“I’ve lived in the Mission district in San Francisco, in the Puerto Rican parts of Brooklyn, and in the South Side of Chicago. In Chicago I saw a man freeze to death outside,” Heller says. Invitation is a travelogue of these experiences and his own inner journeys.
There is a real album-oriented flow to Invitation, it’s expansively creative and emotionally broad. The feral roar of “Drone Strike” rallies against the military’s drone missile attacks with wooly guitars and infectious, kiss-off hooks. The song’s accompanying performance video is visceral and vibey, aptly representing the urgency and guts of the song with a captivating live-at-a-party performance. “Space Girl” swaggers along garage rock style, prurient and playful; fittingly, it’s accompanying video is endearingly clever and cheeky. The chillingly atmospheric “Howdy From Hades” is gorgeously mournful ballad on heroin addiction.
“Howdy From Hades,” along with the hard rocking “Father’s Son,” alludes to Heller’s tumultuous childhood. He grew up on a farm with a heroin-addicted mother who eventually succumbed to her demons. “There were a lot of scary people around,” he recalls. “I sometimes lived in the barn because I was too frightened to go in the house. People feel like it’s a sad story, but I’m not about letting that define me. I learned how to do everything myself, and it’s informed the approach I’ve taken with these records.”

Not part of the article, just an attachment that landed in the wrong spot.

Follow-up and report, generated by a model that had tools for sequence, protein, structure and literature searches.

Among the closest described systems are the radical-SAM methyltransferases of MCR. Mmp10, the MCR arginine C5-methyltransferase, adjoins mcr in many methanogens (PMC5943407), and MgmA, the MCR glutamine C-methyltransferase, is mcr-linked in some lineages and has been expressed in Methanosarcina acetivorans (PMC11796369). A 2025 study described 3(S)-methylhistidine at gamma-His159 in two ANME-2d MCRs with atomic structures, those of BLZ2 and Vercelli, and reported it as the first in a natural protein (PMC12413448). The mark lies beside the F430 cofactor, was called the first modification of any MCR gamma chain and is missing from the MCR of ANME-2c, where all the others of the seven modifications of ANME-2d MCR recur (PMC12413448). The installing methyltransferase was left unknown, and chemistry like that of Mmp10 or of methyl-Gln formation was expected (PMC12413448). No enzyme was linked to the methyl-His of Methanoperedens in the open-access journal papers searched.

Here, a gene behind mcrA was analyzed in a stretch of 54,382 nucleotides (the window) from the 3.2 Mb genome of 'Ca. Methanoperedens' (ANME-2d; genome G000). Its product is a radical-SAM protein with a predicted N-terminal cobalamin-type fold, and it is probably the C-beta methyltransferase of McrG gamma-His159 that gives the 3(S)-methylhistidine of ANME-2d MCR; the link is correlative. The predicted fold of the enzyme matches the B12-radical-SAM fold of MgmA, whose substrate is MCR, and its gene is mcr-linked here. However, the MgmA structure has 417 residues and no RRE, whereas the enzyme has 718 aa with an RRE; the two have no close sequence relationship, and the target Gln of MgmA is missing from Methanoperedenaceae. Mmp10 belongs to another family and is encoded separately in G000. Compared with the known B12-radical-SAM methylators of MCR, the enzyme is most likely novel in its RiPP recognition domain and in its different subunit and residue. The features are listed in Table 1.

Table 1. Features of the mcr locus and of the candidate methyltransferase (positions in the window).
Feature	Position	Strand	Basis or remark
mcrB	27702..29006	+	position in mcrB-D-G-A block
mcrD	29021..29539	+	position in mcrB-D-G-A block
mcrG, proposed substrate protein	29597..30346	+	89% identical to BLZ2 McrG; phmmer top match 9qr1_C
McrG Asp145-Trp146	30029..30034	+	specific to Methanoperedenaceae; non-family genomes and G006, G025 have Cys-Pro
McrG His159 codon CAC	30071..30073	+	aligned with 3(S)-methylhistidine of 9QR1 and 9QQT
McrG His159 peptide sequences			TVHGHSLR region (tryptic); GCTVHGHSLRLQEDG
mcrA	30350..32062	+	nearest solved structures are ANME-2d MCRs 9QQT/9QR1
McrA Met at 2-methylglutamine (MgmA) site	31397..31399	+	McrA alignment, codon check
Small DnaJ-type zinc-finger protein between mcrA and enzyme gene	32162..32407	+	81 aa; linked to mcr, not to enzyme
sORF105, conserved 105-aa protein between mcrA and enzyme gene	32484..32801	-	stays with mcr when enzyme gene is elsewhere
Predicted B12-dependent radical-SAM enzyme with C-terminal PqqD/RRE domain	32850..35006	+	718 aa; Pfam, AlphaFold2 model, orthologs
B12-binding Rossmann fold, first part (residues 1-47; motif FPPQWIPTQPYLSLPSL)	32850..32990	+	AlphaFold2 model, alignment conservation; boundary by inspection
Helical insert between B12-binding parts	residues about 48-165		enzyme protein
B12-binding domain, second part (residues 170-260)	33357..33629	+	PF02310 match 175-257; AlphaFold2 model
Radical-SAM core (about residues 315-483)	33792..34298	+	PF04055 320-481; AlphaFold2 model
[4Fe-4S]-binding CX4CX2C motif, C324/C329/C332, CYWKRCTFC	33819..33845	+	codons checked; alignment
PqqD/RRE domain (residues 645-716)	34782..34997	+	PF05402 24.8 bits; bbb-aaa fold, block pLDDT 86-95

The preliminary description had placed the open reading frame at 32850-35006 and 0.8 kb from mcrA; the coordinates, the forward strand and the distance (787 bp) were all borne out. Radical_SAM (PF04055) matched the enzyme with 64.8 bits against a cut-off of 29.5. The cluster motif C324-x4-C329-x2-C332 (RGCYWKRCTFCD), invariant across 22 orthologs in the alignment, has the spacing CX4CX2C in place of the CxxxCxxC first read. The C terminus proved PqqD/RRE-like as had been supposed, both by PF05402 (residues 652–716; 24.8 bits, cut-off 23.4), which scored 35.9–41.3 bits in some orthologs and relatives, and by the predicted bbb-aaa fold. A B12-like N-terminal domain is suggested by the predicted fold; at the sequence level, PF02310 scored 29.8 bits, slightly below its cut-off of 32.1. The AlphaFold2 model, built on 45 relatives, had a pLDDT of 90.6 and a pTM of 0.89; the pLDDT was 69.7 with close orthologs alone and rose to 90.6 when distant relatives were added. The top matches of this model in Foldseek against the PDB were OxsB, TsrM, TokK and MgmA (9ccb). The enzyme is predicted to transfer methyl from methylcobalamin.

Through the female character in “Howdy From Hades” he does reveal some painful insights from growing up. “That song is about a girl in NYC addicted to heroin. She would sometimes say she was coming by and I would wait for her for hours. It felt like I was reliving my childhood, waiting for someone to come by that never showed up.” Here Heller’s writing is poetic and blunt. He writes starkly with a lines like: “She said Detroit seems like a nice place to die, and if the drugs don't take me, and the saints wont save me, then I guess I'll just have to stare at the walls and cry, cry, cry.” And contrasts those lyrics with rich, stinging metaphorical prose like: “Drunk into a stupor, drunk into a haze, shot into a dark hole at the mouth of the bay, and as the river ran past me, there was nothing I could do or say, except I already sold my soul to the devil how much more can a man pay?”
The album was produced by David Pollock at Super Natural Sound in Oregon City. Pollock’s audio verite approach to production is warm, defined, and gritty, the result of vintage equipment, tracking to tape, and a desire to capture the sweaty organic feel of musicians in the moment. Invitation features contributions from Tango Alpha Tango’s Nathan Trueb, slide guitar on “Jaclyn Of Spades,” Shenandoah Davis, vocals on “Dismay King,” and Heller’s close friend Katie Belle Van Zandt, daughter of Townes Van Zandt, whose artwork graces the album cover.
“I am not an angry person,” he says reflecting on his work. “I’m just fighting against the biggest corporations, the NRA, the Army, the gun lobby, and Hollywood where they make movies that make guns look cool. I write songs that promote love.”